The PlagueArmed with this laser-sharp focus, Rose begins to transpose the moral reasoning of the past onto the spectrum of response displayed by anyone (by this I mean everyone) affected by the most recent pandemic. It would be futile to resurrect here all of the questions Rose poses throughout (the text, at times, seems to reverberate with rhetorical queries of varying poignancy), but needless to say, our attention sharpens as we are reminded of certain fundamental truths, such as the indignity of a Covid death: recall the “lack of state provision, the missing medical supplies, the dearth of equipment and isolation from human touch.” “Robbed” is the word used by Rose to describe the experience of having a noble ending wrenched away, from both “the one dying, and those closest to her or him.” Throughout, there resonates the uncomfortable concession that not even the most in-depth essay or think-piece can soothe those who lost loved ones.

The problem, it soon transpires, lies with our own complex reactions to the inevitability of mass suffering. In this instance, the pandemic – like others in human history – provided a real opportunity to overhaul oppressive systems under which few of us thrive and most of us suffer. Rose struggles with the reality that a shift in public consciousness around institutional disparity did not equate to manifest change. At the time of her writing, this inaction was epitomised by Russia’s invasion of Ukraine. At the time of my own, it has been revealed that the Met police – to the surprise of few – remains structurally racist, misogynistic, and homophobic. Another concrete example Rose gives are victims of domestic violence, for whom the phrase “lockdown” connoted danger far beyond what might be found in a crowded Tube carriage. Whatever progress had been made crumbled one evening in March 2020. It is not that we are bad or ineffective people (though the argument can be made that, at the moment, we are ruled by them), it is that daily constraints on our resources limit the extent to which we can galvanise and enact change, and that the strategies for growth afforded by disaster often remain theoretical. This is especially the case, to return to the book’s beginning, at a time when we are being encouraged by the self-same toxic institutions to wrap Covid-19 up into a neat little package and file it away in our mind’s dustiest nook.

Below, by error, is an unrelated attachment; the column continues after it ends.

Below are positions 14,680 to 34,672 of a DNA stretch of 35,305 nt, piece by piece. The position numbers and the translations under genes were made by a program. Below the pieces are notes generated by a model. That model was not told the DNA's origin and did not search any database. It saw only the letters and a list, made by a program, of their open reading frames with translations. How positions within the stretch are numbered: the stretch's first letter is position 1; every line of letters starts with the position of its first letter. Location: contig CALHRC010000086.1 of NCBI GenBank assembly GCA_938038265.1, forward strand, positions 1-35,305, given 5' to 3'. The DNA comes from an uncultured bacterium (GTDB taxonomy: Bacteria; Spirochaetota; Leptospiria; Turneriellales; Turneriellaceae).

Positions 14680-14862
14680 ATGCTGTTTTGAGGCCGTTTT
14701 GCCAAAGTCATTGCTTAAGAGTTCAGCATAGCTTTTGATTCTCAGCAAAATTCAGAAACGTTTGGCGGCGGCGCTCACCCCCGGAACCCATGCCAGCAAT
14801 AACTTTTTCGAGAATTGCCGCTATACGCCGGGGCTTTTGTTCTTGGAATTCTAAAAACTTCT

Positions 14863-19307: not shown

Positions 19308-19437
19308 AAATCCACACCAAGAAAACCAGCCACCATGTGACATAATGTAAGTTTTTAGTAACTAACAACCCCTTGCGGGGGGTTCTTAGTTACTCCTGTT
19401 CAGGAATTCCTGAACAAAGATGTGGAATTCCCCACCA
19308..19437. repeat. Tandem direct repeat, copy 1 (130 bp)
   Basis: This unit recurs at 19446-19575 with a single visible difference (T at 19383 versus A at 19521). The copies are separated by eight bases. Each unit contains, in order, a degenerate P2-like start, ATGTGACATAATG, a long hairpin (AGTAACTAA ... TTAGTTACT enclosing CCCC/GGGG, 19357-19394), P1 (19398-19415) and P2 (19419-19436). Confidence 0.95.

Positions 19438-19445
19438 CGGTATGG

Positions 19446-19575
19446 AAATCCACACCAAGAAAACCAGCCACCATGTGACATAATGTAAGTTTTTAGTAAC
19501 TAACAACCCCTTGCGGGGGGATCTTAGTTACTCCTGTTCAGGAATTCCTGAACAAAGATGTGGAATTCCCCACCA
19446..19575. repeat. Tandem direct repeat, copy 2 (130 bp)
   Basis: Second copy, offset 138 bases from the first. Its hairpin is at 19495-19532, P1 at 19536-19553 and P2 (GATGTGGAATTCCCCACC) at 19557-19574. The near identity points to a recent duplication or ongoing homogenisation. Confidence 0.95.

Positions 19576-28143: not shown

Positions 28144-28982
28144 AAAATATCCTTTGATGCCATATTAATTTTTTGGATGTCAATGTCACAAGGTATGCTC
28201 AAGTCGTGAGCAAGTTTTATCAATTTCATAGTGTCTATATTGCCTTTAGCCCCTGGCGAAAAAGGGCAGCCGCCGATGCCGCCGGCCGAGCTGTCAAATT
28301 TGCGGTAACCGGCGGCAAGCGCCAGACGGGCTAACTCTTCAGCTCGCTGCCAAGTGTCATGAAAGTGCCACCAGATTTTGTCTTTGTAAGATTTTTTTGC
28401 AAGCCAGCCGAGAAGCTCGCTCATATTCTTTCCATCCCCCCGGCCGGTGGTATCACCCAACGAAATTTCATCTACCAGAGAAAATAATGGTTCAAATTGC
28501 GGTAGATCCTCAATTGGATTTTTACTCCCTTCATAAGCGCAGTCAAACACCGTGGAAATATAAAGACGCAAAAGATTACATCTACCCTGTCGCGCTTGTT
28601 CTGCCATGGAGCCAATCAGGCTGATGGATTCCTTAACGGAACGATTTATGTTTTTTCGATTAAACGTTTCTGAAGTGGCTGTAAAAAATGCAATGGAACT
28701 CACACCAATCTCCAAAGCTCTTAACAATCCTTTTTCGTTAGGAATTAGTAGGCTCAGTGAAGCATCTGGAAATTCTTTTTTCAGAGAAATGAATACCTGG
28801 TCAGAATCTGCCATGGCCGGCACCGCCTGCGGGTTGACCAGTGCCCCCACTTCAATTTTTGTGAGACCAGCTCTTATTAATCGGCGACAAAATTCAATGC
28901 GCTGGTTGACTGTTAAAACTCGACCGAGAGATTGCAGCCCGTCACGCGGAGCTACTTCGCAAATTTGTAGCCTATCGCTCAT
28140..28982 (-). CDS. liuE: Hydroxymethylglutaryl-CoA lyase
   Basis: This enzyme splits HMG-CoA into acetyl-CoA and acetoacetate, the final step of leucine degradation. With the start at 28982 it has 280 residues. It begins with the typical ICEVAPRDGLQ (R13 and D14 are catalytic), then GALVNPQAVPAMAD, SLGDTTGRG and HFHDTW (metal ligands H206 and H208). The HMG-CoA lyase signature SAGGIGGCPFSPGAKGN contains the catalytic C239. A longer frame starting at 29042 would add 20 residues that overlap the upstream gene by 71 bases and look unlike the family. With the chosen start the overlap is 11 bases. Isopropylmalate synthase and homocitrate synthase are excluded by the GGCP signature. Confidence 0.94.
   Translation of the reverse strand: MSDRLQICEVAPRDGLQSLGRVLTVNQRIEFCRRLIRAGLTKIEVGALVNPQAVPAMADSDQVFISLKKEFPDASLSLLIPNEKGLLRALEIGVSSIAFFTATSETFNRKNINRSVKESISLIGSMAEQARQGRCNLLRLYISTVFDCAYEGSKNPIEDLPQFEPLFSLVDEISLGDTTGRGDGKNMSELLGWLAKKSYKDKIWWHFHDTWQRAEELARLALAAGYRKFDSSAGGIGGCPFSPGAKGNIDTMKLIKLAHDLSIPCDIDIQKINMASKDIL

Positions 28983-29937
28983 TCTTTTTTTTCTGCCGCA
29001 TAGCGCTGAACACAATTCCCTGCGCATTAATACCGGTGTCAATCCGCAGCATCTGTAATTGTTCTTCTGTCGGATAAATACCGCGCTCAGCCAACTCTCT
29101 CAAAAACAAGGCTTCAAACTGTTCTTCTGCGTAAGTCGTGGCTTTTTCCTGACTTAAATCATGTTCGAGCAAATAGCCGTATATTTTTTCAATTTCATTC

Simultaneously, though, purity is an impossible standard. Striving towards attainment of unblemished virtue quashed nuance during our plague, made curtain-twitching a nation-wide pastime, and placed blame not on the “scoundrels” who mismanaged the whole thing (what a delicious coincidence in English, that that the “pest” in “pestilence” stands for both sickness and rogue), but on citizens just trying to get through each day as best they could. Imperfection is asserted as a universal attribute. We are invited, on this basis, to turn our attention inward: What can we ask of ourselves that we might have asked – be asking – of the polity? What traits or thought processes can we identify as productive in the face of emergency? And, alternatively, what in us remains static or reactionary? Rose suggests that it is only through untangling these questions that we can begin to claw back some meaning from the last few years, and start to challenge fresh woes such as the war in Ukraine. Thus she offers an ever so slightly vague ending to The Plague, a book that ultimately – though this not strictly a criticism – bursts less with material solution than evocative questioning.